Whenever I’m learning something new, I like to associate the new material with familiar things to better recall and retain the information.

Today, I thought I’d share how I practiced learning the basic uses of the de で particle using one of my all-time favorite movies, Beetlejuice. I’ve included five example sentences using movie scenes to demonstrate how the de で particle may be used.

First Off, What is the De で Particle?

The de で particle is used to indicate things such as:

  1. where an action takes place,
  2. the means by which an action takes place,
  3. a total, time, or cost,
  4. what something is made of, and
  5. cause.



  1. WHERE AN ACTIONS TAKES PLACE (location: in, at, on, etc.)


いえおどりましよう。       Let’s dance in the house.

We look in front of the で to learn the house [いえ] is where we’re being invited to dance. で is used here, rather than に because the focus of the sentence isn’t the house, it’s the action happening inside the house: dancing.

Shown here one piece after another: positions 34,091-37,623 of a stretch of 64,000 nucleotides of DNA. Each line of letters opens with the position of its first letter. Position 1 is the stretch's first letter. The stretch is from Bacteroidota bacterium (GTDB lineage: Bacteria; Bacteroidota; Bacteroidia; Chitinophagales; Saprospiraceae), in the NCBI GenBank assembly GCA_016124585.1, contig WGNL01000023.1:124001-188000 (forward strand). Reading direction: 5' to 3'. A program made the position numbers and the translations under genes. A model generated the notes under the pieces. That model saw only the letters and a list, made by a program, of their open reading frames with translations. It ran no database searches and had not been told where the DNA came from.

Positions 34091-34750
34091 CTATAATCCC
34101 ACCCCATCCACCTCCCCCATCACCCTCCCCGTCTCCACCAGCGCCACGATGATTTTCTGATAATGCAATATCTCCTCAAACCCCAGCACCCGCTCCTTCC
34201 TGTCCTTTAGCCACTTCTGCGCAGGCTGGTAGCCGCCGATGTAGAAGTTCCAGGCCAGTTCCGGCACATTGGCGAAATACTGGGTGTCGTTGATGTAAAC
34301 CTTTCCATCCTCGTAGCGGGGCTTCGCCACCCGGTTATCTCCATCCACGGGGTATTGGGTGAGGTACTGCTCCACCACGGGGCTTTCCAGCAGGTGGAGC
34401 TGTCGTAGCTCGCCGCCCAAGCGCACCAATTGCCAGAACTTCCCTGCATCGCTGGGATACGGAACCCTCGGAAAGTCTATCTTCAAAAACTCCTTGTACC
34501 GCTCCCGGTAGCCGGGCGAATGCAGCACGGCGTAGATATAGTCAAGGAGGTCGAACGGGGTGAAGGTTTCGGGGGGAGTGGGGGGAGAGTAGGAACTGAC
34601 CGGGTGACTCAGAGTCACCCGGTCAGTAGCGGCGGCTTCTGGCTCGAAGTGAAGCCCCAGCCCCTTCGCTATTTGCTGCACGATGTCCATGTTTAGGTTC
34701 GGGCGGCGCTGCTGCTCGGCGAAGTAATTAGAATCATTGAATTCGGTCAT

beetlejuice door

かれはチョークドアをつくった。He made the door with chalk.

We look in front of the で to learn that chalk [チョーク] is the means our subject (は) he [かれ] made [をつくった] the door [ドア].



beetlejuice movie

あなたは1時間半えいがをみることができます。You can watch the movie in an hour and a half.

Notice that the amount of time it takes to watch the movie comes before the で particle.



shimp hand

この手はエビつくられています.    This hand is made of shrimp.

この=this, 手=hand, エビ=shrimp


5. CAUSE (Because of, due to, owing to, etc.)


車が落ちたの、彼らは死んだ。 Because the car fell, they died.

The cause (falling) comes before the de で  particle.